Google Custom Search

Yeow! 17" Catfish by the Jefferson Memorial! Learn to Fish in 30 Seconds!

Learning to Fish in 30 Seconds!

*** Now New & Improved! ***
 

Lines, Ties, and Errors, Oh My!

Lines are measured by how much weight they can hold; for example 12lb test would be expected to break at 13lbs; the tensile strength is therefore 12lbs. There are basically three types of line: monofilament, braid, and fluorocarbon. I can say nothing good about monofilament: it stretches, it has "memory" (comes off the reel looking more like a slinky than fishing line) and breaks easily. It is an ecological nightmare. Braid, on the other hand, is measured by its monofilament equivalent (say, 4lb test) but has another number telling what it's REAL tensile strength is; so 8/30 means that the line is as light & as thick as 8lb monofilament, but has been tested to 30lbs. The latecomer is fluorocarbon, whose brilliant advance is that it is invisible in water. It also is like braid in that there is no stretch and is sold with mono equivalent and real strength approaching braid. It unfortunately also has memory, but seems to forget more quickly because it is so thin.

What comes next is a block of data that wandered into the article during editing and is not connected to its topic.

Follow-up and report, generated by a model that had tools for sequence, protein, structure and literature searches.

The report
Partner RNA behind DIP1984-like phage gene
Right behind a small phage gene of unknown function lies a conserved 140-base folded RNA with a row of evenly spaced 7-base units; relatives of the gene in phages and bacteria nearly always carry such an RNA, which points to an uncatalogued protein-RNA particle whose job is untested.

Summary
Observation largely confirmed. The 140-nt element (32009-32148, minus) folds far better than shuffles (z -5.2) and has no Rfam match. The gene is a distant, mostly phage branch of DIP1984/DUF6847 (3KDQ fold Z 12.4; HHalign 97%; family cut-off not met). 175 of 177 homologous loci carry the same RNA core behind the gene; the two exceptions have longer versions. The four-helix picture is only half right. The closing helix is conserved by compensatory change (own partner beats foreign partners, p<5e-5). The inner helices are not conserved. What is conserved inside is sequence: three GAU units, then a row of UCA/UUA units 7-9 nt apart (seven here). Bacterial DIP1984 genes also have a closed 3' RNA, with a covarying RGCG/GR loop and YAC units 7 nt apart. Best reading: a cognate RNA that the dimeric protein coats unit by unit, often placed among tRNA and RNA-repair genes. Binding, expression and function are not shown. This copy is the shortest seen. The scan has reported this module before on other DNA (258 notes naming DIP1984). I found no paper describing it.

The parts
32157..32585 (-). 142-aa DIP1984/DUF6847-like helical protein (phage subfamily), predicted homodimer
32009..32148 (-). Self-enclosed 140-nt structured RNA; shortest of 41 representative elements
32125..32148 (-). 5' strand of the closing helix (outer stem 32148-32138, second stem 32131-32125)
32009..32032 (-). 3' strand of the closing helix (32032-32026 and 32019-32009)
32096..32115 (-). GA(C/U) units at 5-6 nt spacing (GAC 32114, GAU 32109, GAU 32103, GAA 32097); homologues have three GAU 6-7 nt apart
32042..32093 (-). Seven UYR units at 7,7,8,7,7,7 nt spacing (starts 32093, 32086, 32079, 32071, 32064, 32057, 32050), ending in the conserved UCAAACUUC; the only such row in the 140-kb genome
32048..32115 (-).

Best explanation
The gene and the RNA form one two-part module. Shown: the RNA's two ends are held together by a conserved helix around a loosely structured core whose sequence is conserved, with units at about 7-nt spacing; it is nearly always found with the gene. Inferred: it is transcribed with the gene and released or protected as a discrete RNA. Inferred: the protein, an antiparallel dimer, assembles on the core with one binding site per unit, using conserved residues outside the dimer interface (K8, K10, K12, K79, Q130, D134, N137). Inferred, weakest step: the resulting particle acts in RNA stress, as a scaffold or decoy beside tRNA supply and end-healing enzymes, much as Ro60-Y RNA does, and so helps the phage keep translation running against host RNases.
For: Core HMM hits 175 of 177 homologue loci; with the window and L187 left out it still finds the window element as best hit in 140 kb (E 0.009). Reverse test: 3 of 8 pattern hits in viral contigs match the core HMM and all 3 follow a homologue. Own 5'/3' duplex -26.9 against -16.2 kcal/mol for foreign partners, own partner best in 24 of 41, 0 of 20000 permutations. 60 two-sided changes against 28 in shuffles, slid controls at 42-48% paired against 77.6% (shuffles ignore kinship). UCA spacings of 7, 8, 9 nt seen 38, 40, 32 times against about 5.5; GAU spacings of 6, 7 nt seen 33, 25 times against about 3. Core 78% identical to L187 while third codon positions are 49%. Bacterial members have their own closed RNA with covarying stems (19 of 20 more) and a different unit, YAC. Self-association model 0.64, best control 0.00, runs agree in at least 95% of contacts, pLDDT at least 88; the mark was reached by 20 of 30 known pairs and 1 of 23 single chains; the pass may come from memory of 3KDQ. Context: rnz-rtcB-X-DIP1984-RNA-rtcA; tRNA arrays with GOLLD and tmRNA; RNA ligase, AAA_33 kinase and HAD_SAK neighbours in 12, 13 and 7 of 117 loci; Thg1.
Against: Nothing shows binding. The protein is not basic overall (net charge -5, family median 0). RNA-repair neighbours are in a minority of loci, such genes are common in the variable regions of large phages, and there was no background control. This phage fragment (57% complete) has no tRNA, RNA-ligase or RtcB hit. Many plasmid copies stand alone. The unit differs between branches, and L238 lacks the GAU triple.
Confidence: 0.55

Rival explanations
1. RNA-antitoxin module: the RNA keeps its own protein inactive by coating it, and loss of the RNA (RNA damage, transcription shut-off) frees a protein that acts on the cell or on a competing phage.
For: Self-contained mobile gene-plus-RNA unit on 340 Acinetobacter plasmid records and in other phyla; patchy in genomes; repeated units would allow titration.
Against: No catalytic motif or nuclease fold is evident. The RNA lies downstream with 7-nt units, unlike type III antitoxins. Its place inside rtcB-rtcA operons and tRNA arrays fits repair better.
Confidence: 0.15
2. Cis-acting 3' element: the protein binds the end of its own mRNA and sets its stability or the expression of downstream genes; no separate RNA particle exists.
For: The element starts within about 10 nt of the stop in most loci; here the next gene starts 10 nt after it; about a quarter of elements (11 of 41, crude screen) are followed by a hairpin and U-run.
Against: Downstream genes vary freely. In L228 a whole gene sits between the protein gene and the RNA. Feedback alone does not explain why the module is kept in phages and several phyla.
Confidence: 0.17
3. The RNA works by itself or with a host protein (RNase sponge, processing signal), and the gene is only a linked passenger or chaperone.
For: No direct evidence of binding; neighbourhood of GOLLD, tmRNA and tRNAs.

I am impressed with a braid that seems to come with a teflon coating so that it flies off the reel, resulting in longer casts; it unfortunately is prone to twist with the bad result of knotting on itself. It sure is fun to fish though, when you are not picking apart knots ... [pic?]

In all the fishing meetings I go to, fishing guides/speakers say they fish with braid. I fish with braid, because I am not given $7-9 lures like the pros, and if I catch on something, I want to win. I can haul in a 20lb branch with my hook on braid - and keep it. I use fluorocarbon for leader material, for direct attachment to hook. I attach anything that cost $3 or more directly to the snap swivel ...

Return to Show

Contact: Buzz Andrews
Savannah, GA


©tfci, inc. 2009



Google Custom Search